SKILLET Frontman Says His Comments About CARDI B And HITLER Were 'Misrepresented'
March 18, 2021
John Cooper, the frontman and bassist for the Grammy-nominated Christian rock band SKILLET, says that his comments about Cardi B and Megan Thee Stallion's performance of their hit song "WAP" during Sunday's Grammy Awards were "misrepresented."
On Wednesday, Cooper released an episode of his "Cooper Stuff" podcast in which he argued that being "forced to applaud" and "celebrate" the "sexual degradation" of Cardi and Megan's performance was a good example of how humanity has always been dexterous at confusing evil with good. To make his point, Cooper said that dictators like Adolf Hitler also claimed to be "liberators" while performing evil acts.
Earlier today, Cooper released a follow-up video message in which he clarified his original comments and insisted that he never compared Cardi B to Hitler or any dictatorship of any kind.
John said (as transcribed by BLABBERMOUTH.NET): "Yesterday in my podcast, I reacted to Cardi B's performance at the Grammys. And it has come to my attention that some of my words were misrepresented and taken out of context from their intent. So, please allow me to say this: I did not compare Cardi B to Hitler, and I did not compare her performance to Hitler or any other dictator, and I certainly didn't compare the Grammys or the music industry or any other artist, for any reason, to any dictator.
"Secondly, I wanna say this: I did not conflate the consequences or the gravity of Cardi B's performance at the Grammys. I in no way would ever conflate that to the horrors of the genocide that we saw in 1940 or any of the other violence and murders and all the death and destruction of any dictator that we've had in history. I honestly don't understand how it could be taken that way, but just to be clear and clear of any confusion, I was stating that we are living in a time when it comes to morality where we are redefining what is good and what is evil"
He continued: "Sometimes we have a hard time imagining that someone would do something bad and redefine it and call it good. That's why I was pointing out that there have been many, many examples of dictators or horrific events over the last 100 years where people did really, really bad stuff, but they believed or claimed that they were doing it for good reasons, for moral reasons, for liberating reasons. And as an example of that, I was saying if you were to go back and read some of Hitler's speeches, you would find that he claims to believe that he was liberating people and doing something virtuous. This in no way compared Cardi B to Hitler or any dictatorship of any kind, and it certainly wasn't conflating all of the evil things that have happened to the consequences of Cardi B's performance, or any other performance for that matter. I was speaking philosophically in order to make a point and then using an unequivocal example from the past where someone has traded evil but called it good.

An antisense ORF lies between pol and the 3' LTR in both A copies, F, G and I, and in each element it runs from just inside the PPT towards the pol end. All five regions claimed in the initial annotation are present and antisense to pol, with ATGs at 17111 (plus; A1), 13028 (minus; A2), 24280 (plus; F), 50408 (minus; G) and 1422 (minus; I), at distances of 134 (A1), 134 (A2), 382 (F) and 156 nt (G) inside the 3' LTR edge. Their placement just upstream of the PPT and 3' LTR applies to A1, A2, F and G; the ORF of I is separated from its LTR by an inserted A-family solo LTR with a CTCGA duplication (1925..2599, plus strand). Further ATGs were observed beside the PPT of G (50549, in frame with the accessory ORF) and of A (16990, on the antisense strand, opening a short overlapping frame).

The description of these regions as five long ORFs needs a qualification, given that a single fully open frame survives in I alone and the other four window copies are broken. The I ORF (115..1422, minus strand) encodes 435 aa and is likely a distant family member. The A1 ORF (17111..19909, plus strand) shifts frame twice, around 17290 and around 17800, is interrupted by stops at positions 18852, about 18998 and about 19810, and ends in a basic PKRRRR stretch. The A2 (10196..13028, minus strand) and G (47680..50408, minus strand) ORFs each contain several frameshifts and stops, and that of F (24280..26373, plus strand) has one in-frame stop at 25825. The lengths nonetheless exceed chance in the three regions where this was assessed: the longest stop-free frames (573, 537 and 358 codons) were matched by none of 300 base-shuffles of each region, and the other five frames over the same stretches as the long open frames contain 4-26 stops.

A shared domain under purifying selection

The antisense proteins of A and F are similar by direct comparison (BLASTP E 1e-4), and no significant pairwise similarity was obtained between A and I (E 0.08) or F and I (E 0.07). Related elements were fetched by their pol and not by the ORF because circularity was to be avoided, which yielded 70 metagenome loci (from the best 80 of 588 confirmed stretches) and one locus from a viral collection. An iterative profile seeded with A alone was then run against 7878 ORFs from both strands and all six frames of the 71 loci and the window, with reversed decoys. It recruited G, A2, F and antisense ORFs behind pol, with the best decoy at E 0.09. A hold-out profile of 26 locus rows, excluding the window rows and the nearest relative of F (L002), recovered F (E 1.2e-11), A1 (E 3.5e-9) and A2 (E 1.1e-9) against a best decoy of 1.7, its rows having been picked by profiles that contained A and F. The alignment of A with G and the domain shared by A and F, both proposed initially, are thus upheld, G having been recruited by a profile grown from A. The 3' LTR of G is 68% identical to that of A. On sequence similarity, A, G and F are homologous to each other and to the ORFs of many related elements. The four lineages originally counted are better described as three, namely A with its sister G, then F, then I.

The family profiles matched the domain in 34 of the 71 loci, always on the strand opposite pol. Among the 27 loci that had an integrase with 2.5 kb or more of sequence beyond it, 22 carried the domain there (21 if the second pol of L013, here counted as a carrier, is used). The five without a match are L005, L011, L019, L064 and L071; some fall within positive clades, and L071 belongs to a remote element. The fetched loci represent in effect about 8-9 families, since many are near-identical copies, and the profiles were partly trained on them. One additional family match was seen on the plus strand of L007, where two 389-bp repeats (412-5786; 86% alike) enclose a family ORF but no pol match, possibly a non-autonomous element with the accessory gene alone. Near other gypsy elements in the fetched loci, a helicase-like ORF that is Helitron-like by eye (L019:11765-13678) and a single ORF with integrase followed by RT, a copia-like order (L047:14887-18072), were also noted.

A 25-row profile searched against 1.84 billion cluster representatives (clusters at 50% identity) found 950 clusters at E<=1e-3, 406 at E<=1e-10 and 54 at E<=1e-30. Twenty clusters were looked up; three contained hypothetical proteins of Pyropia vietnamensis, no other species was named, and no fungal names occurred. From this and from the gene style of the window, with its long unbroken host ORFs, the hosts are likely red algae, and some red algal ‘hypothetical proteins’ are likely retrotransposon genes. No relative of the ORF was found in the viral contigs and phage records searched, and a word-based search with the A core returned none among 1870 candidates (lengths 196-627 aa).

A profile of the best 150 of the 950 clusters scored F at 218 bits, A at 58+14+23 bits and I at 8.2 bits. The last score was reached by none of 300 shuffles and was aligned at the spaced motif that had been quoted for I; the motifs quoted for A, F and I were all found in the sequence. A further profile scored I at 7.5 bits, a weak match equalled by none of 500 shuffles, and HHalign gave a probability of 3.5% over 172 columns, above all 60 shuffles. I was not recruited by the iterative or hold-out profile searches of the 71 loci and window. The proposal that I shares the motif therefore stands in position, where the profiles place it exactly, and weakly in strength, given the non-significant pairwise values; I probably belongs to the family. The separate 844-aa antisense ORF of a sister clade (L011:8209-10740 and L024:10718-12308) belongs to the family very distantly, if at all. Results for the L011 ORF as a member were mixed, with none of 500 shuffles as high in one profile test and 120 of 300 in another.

"So I'd like to end this little five-minute talk with the same ending that I used on yesterday's podcast. This Grammy performance is a very small miscrocosm — it may seem trite; it may seem a little bit petty — it's just a microcosm to show something that is a lot bigger. I'm actually not trying to blow this up into a crisis. I'm actually saying we are in a crisis — but not because of the Grammys and not because of Cardi B and not because of a music performance or any other musician or artist or band. That's not why we are in a crisis. And what is the crisis? The crisis is this: we are redefining what is moral and what is immoral, what is virtuous and what is not virtuous, and it is going to have devastating consequences for America."
Cooper recently published his first book, titled "Awake & Alive To Truth (Finding Truth In The Chaos Of A Relativistic World)". It "tackles the reigning philosophies of our day of post-modernism, relativism, and the popular view of the goodness of man-and combats these viewpoints by standing on the absolute truth of the Word Of God," the book's description reads.
In various interviews over the years, Cooper has said that he "always had faith in God" and that his mother was a "Jesus fanatic." He also claimed that he was willing to put his career on the line to take a stand for Christ.